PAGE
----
The Boppy Company is recalling more than 3 million loungers after the products were tied to at least eight infant deaths.
There are three models included in the recall – the Original Newborn Lounger, Preferred Newborn Lounger and the Pottery Barn Kids Newborn Boppy Lounger.
They were sold between January 2004 and this month.
“Infants can suffocate if they roll, move, or are placed on the lounger in a position that obstructs breathing, or roll off the lounger onto an external surface, such as an adult pillow or soft bedding that obstructs breathing,” the recall warns.
“These types of incidents are heartbreaking,” said Acting Chairman Robert S. Adler. “Loungers and pillow-like products are not safe for infant sleep, due to the risk of suffocation. Since we know that infants sleep so much of the time – even in products not intended for sleep – and since suffocation can happen so quickly, these Boppy lounger products are simply too risky to remain on the market.”
“We are devastated to hear of these tragedies,” a spokesperson for Boppy commented. “Boppy is committed to doing everything possible to safeguard babies, including communicating the safe use of our products to parents and caregivers, and educating the public about the importance of following all warnings and instructions and the risks associated with unsafe sleep practices for infants. The lounger was not marketed as an infant sleep product and includes warnings against unsupervised use.”
Consumers should immediately stop using the recalled loungers and contact The Boppy Company for a refund. Contact The Boppy Company toll-free at 800-416-1355 from 9 a.m. to 5 p.m. ET Monday through Friday or online at www.boppy.com and click “Recall & Safety Alert” for more information.
Click here for more information on the recall.
Parents and Caregivers Reminded of Safe Sleep Guidance
Babies spend most of their time sleeping, so the U.S. Consumer Product Safety Commission is urging parents and caregivers to get “back to basics” to make sure that baby’s sleep spaces are safe. CPSC’s new public service announcement focuses on three key reminders for safe sleep:
- Back to Sleep: Always place the baby to sleep on the baby’s back to reduce the risk of sudden unexpected infant death syndrome (SUID/SIDS) and suffocation;
- Bare is Best: Always keep the baby’s sleep space bare (fitted sheet only) to prevent suffocation. Do not use pillows, padded crib bumpers, quilts or comforters; and
- Only place the baby to sleep in a product that is intended for sleep. Transfer the baby to a crib, bassinet, play yard or bedside sleeper if the baby falls asleep in a swing, bouncer, lounger or similar product.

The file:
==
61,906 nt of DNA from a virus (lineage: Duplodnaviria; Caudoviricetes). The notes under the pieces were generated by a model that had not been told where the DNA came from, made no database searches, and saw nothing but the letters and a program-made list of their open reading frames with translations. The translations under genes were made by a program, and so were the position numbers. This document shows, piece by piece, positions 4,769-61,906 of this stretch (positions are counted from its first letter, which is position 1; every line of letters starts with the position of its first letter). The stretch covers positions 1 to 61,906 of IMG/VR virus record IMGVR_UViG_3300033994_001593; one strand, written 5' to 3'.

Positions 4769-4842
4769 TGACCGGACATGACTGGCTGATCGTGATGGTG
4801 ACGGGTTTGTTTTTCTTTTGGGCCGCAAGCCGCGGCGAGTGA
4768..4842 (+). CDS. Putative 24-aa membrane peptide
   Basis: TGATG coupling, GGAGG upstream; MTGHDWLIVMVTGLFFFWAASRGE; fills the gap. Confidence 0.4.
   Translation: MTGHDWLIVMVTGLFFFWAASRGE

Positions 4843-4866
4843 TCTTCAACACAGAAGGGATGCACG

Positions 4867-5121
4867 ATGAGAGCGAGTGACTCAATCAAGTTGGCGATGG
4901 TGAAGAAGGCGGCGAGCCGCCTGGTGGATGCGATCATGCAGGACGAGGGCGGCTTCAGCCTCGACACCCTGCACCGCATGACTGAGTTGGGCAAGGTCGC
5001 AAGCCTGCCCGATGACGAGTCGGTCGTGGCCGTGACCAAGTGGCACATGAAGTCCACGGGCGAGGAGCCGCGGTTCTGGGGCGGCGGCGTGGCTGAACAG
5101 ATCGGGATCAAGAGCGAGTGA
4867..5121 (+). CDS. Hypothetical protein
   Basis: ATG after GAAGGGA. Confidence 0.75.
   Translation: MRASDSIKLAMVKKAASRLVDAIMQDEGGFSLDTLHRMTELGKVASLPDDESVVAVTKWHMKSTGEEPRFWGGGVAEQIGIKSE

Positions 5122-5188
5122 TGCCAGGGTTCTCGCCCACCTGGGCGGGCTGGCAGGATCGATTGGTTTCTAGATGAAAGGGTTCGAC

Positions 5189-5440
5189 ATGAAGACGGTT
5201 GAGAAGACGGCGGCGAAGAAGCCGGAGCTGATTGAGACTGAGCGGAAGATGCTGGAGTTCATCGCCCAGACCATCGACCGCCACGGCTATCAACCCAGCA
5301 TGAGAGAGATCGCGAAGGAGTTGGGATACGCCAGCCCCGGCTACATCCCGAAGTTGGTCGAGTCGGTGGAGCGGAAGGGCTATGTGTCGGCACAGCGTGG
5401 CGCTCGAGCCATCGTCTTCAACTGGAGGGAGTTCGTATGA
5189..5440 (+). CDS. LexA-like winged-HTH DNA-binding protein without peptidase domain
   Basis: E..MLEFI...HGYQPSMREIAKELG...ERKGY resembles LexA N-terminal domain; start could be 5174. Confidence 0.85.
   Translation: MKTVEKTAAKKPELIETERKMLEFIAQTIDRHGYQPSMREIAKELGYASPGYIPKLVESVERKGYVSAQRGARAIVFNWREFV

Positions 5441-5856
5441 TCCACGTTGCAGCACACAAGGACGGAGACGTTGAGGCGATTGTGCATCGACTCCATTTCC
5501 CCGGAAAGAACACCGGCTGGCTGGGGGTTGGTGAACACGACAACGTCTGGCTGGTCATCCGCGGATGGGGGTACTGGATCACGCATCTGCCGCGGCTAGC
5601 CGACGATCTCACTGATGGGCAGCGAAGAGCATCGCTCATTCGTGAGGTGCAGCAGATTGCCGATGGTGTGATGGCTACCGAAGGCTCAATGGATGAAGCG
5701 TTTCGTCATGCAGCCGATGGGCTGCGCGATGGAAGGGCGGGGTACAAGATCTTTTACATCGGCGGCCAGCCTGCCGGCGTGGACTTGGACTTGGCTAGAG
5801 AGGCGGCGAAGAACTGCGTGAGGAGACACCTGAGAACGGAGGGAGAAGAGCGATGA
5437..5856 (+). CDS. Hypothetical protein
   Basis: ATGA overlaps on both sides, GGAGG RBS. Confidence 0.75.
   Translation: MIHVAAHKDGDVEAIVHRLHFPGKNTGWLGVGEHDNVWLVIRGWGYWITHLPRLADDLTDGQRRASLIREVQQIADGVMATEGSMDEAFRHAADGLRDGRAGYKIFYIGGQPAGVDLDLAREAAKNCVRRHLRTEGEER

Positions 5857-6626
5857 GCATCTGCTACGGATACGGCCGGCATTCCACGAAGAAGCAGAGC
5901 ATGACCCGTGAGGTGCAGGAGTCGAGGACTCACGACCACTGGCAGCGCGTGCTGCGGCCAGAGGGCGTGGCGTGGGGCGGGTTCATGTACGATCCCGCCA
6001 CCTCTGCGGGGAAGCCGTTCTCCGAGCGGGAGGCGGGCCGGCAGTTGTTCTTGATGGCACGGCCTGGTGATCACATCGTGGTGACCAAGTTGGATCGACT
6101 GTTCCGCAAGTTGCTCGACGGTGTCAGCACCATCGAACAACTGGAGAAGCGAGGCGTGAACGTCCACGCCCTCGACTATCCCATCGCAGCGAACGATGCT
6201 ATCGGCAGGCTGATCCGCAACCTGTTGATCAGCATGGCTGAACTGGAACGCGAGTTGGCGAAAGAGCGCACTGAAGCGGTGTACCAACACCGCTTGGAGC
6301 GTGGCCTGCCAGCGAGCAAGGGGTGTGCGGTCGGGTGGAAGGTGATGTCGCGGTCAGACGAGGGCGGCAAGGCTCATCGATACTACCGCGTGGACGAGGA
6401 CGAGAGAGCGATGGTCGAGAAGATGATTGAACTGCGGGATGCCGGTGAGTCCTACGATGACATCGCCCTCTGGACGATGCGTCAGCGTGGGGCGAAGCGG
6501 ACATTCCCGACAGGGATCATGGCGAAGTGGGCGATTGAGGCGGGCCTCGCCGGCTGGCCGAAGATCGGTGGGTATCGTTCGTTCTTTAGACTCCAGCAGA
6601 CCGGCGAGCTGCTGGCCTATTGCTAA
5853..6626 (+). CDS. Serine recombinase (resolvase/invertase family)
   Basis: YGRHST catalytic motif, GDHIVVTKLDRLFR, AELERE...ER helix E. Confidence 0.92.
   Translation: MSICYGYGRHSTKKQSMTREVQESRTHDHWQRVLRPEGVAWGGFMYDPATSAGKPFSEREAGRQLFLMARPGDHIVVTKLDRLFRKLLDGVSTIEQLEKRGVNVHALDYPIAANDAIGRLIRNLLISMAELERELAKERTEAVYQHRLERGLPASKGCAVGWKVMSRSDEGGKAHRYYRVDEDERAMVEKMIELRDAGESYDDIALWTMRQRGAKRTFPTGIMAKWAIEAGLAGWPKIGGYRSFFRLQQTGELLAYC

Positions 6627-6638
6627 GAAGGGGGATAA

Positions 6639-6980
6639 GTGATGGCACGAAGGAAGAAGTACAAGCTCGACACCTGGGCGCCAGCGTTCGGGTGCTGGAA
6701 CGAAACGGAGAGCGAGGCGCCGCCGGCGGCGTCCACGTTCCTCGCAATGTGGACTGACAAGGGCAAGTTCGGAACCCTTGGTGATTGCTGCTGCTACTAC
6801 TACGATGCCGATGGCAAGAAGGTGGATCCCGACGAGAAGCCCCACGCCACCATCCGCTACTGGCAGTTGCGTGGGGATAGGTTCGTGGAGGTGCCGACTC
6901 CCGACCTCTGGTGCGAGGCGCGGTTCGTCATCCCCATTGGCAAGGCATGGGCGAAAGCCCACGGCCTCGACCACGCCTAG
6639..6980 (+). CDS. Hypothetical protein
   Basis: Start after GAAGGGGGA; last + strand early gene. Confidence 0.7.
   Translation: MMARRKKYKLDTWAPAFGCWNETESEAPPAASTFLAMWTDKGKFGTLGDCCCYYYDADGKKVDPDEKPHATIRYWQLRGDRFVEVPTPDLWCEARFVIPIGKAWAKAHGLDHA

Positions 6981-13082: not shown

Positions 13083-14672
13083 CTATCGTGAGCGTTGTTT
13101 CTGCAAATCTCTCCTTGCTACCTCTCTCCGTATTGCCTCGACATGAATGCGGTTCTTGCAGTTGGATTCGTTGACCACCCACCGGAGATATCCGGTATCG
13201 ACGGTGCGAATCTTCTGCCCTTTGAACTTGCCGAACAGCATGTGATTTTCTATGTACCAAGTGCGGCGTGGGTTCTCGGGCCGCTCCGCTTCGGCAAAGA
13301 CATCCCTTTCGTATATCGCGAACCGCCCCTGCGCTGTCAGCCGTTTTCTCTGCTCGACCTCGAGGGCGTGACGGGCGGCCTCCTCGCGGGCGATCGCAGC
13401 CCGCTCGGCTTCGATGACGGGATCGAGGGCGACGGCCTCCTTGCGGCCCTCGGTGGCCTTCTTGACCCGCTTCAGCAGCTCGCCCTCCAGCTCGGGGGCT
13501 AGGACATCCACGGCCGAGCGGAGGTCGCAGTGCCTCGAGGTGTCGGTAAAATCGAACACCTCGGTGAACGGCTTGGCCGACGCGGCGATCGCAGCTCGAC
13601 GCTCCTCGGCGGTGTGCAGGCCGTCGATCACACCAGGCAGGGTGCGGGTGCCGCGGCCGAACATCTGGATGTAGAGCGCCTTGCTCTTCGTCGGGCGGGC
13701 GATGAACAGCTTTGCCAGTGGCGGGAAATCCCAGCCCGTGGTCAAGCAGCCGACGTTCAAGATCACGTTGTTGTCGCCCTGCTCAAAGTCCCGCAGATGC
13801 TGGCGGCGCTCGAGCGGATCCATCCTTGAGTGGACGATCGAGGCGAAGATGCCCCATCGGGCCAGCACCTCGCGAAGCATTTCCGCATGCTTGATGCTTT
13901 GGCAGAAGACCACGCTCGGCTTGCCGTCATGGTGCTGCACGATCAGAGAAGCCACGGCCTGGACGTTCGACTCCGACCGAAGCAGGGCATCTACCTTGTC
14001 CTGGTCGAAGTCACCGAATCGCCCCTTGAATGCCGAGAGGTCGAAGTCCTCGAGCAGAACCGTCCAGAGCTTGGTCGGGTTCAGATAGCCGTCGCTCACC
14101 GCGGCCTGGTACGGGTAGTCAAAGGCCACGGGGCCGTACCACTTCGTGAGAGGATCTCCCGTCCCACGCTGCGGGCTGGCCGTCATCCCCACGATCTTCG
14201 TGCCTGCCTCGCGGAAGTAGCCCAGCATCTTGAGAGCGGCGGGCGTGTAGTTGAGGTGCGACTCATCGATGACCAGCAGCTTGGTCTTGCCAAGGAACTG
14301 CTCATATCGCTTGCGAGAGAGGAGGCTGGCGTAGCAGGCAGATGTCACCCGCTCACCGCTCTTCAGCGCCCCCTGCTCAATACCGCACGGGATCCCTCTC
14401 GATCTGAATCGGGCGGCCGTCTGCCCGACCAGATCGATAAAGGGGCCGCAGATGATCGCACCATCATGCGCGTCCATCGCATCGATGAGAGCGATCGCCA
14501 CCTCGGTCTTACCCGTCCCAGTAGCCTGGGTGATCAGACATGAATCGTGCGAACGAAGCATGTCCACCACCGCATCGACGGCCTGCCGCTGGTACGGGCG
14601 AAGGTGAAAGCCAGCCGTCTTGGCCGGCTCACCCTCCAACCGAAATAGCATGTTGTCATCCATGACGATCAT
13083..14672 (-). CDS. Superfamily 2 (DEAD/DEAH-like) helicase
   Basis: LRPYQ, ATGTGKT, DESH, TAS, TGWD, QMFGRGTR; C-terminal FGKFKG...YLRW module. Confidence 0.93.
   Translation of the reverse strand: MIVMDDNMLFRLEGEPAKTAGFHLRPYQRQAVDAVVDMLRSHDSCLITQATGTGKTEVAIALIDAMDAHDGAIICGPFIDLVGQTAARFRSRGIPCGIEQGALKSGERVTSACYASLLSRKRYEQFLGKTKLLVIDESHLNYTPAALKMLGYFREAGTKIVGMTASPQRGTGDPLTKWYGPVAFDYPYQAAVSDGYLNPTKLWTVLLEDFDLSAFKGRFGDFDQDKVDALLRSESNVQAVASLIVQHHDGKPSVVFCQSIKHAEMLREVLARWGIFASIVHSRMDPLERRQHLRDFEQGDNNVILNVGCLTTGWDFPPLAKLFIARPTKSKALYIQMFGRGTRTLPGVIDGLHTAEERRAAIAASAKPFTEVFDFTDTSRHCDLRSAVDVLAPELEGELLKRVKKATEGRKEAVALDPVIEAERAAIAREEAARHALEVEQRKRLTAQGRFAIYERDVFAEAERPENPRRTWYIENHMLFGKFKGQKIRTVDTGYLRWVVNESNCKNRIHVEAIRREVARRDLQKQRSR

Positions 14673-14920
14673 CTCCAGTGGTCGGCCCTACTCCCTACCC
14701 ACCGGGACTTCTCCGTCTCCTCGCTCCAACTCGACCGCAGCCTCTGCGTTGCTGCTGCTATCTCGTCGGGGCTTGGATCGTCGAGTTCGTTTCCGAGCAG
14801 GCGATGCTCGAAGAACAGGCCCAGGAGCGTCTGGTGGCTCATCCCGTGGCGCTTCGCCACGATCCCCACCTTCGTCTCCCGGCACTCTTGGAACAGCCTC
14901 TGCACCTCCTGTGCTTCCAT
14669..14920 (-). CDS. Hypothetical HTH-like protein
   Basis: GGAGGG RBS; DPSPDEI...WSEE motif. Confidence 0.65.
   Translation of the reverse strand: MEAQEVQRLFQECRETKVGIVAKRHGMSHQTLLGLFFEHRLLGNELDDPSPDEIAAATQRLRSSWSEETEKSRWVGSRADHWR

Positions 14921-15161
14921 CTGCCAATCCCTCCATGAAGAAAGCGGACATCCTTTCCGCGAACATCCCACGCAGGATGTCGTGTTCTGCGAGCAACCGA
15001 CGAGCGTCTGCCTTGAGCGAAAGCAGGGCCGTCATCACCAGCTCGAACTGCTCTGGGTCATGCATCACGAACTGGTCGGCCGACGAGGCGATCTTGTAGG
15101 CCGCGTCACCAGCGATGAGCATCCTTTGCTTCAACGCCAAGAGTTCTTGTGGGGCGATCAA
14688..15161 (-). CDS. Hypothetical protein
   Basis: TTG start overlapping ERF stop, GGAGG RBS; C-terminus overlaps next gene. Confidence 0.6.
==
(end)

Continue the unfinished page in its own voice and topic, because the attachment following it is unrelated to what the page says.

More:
CPSC’s most recent report on nursery product injuries and deaths shows that cribs/mattresses, playpens/play yards, bassinets/cradles, infant carriers and inclined infant sleep products were associated with 83 percent of the fatalities reported. About one-third (32 percent) of infant and toddler fatalities were associated with cribs and/or mattresses, while bassinets/cradles, infant carriers and inclined sleep products, collectively, were associated with an additional one-third (32 percent) of fatalities. Most of these nursery product-related deaths are due to asphyxiation resulting from a cluttered or hazardous sleep environment. The sleep area is often cluttered with extra bedding, such as pillows, blankets, comforters and plush toys.
Beginning in mid-2022, any product intended or marketed for infant sleep must meet a new federal safety standard. This new mandatory standard will effectively eliminate potentially hazardous sleep products in the marketplace that currently do not meet a CPSC mandatory standard for infant sleep, such as inclined sleepers, travel and compact bassinets and in-bed sleepers, which have been linked to dozens of infant deaths. Popular products formerly referred to as “inclined sleep products” include several styles that have been recalled over the years.
“Protecting babies and toddlers is among the most sacred of our obligations as Commissioners,” said CPSC Acting Chairman Robert Adler. “We are dedicated to using all the tools at the agency’s disposal—education, enforcement and rulemaking—to ensure that when a product is intended or marketed for sleep, it will indeed be safe for an infant to sleep.”
The new federal safety rule incorporates the most recent voluntary standard developed by ASTM International (ASTM F3118-17a, Standard Consumer Safety Specification for Infant Inclined Sleep Products), with modifications to make the standard more stringent. The new standard requires that infant sleep products that do not already meet the requirements of an existing CPSC sleep standard now must be tested to confirm that the angle of the sleep surface is 10 degrees or lower, and that the products comply with the agency’s Safety Standard for Bassinets and Cradles.